Alice Amazed

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Alice Amazed

“Dear, dear! How queer everything is to-day! And yesterday things went on just as usual.

I wonder if I’ve been changed in the night? Let me think: was I the same when I got up this morning?”

Alice Amazed is a one switch game for one or two players. That is, each player uses only a single button or switch for character control. This makes the game more accessible to people with certain disabilities, but it is nevertheless a fun game for everyone.

Latest release (version 1.2.1)

The White Queen offers to hire Alice as her lady’s maid and to pay her “Twopence a week, and jam every other day.” Alice says that she doesn’t want any jam today, and the Queen tells her: “You couldn’t have it if you did want it. The rule is, jam tomorrow and jam yesterday- but never jam to-day.” This is a reference to the rule in Latin that the word iam or jam meaning now in the sense of already or at that time cannot be used to describe now in the present, which is nunc in Latin. Jam is therefore never available today.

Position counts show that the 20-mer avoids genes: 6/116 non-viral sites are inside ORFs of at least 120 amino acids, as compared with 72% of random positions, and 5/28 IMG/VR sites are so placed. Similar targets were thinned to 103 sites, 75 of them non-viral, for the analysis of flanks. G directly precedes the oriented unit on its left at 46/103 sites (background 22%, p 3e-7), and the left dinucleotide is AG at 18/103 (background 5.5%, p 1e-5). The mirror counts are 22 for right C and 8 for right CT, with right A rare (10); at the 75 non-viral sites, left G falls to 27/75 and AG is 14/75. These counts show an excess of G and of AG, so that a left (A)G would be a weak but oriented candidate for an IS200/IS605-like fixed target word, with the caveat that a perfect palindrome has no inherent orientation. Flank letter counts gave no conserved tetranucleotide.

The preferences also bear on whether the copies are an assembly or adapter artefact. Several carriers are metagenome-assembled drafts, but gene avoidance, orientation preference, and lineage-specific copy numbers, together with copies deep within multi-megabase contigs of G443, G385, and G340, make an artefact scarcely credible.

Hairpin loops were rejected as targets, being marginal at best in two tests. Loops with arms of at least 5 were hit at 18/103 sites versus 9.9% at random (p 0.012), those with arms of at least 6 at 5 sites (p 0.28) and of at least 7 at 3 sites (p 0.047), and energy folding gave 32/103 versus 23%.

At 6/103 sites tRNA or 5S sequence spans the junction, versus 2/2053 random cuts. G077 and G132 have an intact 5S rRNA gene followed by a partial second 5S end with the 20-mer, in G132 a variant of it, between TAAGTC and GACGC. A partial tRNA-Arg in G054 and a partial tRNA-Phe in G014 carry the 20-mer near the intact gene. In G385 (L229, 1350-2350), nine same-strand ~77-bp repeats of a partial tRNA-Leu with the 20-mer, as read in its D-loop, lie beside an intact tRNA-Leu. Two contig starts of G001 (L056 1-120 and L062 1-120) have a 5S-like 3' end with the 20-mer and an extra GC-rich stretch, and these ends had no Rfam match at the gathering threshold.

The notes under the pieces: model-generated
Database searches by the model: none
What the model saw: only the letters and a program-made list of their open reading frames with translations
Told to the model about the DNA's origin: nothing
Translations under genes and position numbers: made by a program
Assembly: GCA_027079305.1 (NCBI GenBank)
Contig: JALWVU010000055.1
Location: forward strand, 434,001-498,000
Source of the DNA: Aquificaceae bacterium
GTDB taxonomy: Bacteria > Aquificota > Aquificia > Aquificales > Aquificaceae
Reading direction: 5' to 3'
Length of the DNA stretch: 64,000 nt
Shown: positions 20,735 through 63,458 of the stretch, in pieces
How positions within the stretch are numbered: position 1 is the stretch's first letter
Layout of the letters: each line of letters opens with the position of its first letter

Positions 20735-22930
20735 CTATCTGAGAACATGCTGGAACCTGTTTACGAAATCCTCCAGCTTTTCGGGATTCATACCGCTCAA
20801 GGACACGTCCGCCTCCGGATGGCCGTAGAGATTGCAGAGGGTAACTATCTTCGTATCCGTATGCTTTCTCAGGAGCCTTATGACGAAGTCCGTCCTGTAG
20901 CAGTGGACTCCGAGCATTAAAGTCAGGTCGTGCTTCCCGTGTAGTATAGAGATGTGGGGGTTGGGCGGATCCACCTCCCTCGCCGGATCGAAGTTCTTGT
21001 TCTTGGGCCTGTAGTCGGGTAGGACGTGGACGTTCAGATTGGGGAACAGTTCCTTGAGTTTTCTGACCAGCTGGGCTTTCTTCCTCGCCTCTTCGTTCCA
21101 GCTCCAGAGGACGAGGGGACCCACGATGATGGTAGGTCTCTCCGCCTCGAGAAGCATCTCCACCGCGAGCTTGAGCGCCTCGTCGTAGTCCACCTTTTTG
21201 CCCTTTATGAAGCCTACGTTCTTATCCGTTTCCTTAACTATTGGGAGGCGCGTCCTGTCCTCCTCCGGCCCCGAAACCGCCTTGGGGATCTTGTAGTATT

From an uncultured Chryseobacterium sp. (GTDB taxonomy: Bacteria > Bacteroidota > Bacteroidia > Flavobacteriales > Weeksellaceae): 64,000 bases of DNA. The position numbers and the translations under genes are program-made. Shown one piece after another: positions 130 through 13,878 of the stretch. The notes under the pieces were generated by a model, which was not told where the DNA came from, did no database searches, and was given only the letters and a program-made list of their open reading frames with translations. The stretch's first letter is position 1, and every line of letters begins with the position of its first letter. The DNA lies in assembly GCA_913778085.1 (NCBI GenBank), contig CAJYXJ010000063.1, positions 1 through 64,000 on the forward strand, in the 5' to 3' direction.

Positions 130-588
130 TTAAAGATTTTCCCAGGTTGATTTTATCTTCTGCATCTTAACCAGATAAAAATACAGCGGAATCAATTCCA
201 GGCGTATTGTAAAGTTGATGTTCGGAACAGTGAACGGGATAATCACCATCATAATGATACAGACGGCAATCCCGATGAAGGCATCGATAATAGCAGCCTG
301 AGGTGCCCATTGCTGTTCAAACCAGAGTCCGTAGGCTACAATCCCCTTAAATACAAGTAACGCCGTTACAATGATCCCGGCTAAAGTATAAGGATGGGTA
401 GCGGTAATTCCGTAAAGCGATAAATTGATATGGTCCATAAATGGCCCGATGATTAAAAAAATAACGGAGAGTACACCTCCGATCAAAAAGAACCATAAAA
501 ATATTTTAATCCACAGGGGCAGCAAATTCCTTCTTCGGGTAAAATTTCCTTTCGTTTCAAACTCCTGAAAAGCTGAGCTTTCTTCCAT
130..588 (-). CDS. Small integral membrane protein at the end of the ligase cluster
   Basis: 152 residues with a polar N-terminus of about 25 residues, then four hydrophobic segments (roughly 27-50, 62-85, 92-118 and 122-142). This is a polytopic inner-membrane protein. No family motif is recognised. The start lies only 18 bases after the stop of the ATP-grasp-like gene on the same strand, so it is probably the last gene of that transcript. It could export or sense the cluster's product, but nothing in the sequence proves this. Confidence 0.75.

Whereas the first book has the deck of cards as a theme, this book is based on a game of chess, played on a giant chessboard with fields for squares. Most main characters in the story are represented by a chess piece or animals, with Alice herself being a pawn.

The looking-glass world is divided into sections by brooks or streams, with the crossing of each brook usually signifying a notable change in the scene and action of the story: the brooks represent the divisions between squares on the chessboard, and Alice’s crossing of them signifies advancing of her piece one square. Furthermore, since the brook-crossings do not always correspond to the beginning and ends of chapters, most editions of the book visually represent the crossings by breaking the text with several lines of asterisks ( * * * ). The sequence of moves (white and red) is not always followed. The most extensive treatment of the chess motif in Carroll’s novel is provided in Glen Downey‘s The Truth About Pawn Promotion: The Development of the Chess Motif in Victorian Fiction.

http://en.wikipedia.org/wiki/Jabberwocky

emuleLewis:Alice’s_Adventures_In_Wonderland_Through_The_Looking_Glass.pdf

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